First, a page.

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Important: I'm not trying to ask here if indeed RHEL is more secure than Ubuntu. This is not an "opinion" question.

Rather, I'm asking, if someone makes the above argument, how would you prove or refute that? I looked at CVE databases but they are full of vulnerabilities in packages, not operating systems. I've compared "hardening" documentation and both operating systems have means of hardening them to a seemingly similar level.

Also, I looked at how popular each OS is - for web servers, in AWS, etc. But what point does that make?

So, how would you deal with this argument?

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    If somebody makes a statement of fact, it is up to them to back up that statement. It's not up to you to refute it. Ask for specifics as to why they made that statement in the first place. – doneal24 May 24 at 17:32
  • Unfortunately, that person is a customer, who is always right :) So I'm trying to do that work for them. – yi1 May 24 at 17:32
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    First, you ask them for clarification. – Michael Hampton May 24 at 17:36
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    If they're hiring you for your expertise then be confident in saying there are pros and cons for each distribution. – doneal24 May 24 at 17:37
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The ultimate question is not exactly the OS itself, but how the OS is configured. Both OS's can be setup securely, or they can be setup like Swiss cheese.

While both OS's are arguably as secure as the other, what I would look at is the following:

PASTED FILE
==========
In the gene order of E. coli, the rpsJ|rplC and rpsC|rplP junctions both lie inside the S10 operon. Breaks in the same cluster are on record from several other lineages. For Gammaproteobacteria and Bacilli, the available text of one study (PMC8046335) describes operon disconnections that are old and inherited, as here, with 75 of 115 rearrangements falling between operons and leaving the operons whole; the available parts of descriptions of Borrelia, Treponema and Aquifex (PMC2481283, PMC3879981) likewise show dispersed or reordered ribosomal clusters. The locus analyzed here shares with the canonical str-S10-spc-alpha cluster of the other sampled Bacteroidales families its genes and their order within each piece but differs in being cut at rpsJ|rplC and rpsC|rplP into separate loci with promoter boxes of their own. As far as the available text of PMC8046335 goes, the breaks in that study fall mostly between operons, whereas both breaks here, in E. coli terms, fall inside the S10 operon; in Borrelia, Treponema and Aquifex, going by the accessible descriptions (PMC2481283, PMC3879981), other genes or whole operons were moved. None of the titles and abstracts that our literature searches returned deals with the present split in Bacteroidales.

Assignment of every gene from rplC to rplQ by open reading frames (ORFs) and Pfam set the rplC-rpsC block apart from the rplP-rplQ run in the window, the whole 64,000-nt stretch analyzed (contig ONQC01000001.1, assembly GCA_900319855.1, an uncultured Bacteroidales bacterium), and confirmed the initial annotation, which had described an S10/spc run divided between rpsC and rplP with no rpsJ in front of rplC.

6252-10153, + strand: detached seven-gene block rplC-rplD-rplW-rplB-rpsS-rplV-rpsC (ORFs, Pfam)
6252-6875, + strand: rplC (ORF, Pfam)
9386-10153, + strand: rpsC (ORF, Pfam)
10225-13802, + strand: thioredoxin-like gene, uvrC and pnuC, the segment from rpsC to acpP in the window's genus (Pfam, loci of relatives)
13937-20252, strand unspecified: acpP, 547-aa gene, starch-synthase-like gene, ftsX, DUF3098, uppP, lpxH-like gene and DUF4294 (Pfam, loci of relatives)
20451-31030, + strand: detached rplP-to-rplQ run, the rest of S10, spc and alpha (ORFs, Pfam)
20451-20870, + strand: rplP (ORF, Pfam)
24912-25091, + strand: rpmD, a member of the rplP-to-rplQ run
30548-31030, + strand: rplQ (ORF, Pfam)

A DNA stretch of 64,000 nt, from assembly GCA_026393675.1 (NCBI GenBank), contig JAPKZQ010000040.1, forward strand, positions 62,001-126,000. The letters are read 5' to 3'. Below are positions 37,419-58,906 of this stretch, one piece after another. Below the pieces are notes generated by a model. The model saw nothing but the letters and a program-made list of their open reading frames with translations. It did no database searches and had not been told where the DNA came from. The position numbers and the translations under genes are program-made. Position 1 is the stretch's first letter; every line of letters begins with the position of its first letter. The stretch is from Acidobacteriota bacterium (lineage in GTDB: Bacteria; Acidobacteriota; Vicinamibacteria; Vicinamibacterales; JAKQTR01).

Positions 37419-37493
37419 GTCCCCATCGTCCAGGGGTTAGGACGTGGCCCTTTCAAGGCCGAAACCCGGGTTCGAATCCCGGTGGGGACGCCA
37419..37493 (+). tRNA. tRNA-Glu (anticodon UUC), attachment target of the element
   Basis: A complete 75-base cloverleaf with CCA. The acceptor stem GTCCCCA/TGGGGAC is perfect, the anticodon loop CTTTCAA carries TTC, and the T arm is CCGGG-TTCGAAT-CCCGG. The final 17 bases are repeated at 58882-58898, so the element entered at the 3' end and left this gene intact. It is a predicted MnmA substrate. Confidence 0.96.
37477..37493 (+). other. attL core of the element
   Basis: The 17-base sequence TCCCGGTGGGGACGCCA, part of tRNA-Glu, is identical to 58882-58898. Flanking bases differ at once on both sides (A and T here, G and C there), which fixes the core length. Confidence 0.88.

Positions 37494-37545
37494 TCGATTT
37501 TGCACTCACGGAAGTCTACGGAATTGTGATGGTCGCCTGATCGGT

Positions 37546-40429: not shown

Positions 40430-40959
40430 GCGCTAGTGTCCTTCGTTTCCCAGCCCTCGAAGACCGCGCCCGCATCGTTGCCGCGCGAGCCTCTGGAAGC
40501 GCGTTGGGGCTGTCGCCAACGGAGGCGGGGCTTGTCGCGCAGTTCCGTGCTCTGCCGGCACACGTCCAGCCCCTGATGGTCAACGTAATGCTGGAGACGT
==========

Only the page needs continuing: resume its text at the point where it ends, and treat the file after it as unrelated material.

1. Segmentation and other security tools: For DAC, Ubuntu uses Apparmor while RHEL uses SELinux. RHEL also comes with Auditd out of the box, whereas Ubuntu needs it to be manually setup (and runs an older version). But these type of tools only have value if you use and monitor them.
  2. What are the out of box settings (and this depends on the source of the OS: ISO/AMI/etc.) - does one OS have better controls setup for SSH access and firewalls? Does one have a bunch of listening services? While both can be roughly configured to match the other, starting with a default secure install versus having to track down a bunch of edge services reduces the risk of missing something.
  3. What is the track record for handling CVE's? How quickly did the parent companies respond when large issues occurred, such as Heartbleed and Shellshock? Which company's response aligns best with your risk mitigation strategy?
  4. Which OS has the best patch management system for your needs? An OS doesn't stay secure if it's not kept up to date.
  5. What does their support lifecycle look like? Do you plan on tracking the latest version and constantly cycle machines, or is this a pet machine that will need support for a decade?

These are just a few ideas for differences to look at - but it is by no means comprehensive (if anyone has any other ideas, I'm happy to expand the list above).

  • Thank you. Regarding track record for handling CVE's, here's an interesting analysis: pdfs.semanticscholar.org/4f78/… – yi1 May 24 at 21:12
  • On point #5 - Ubuntu has LTS, which is five years support, whereas RHEL has 10 years' support. – yi1 May 24 at 21:14

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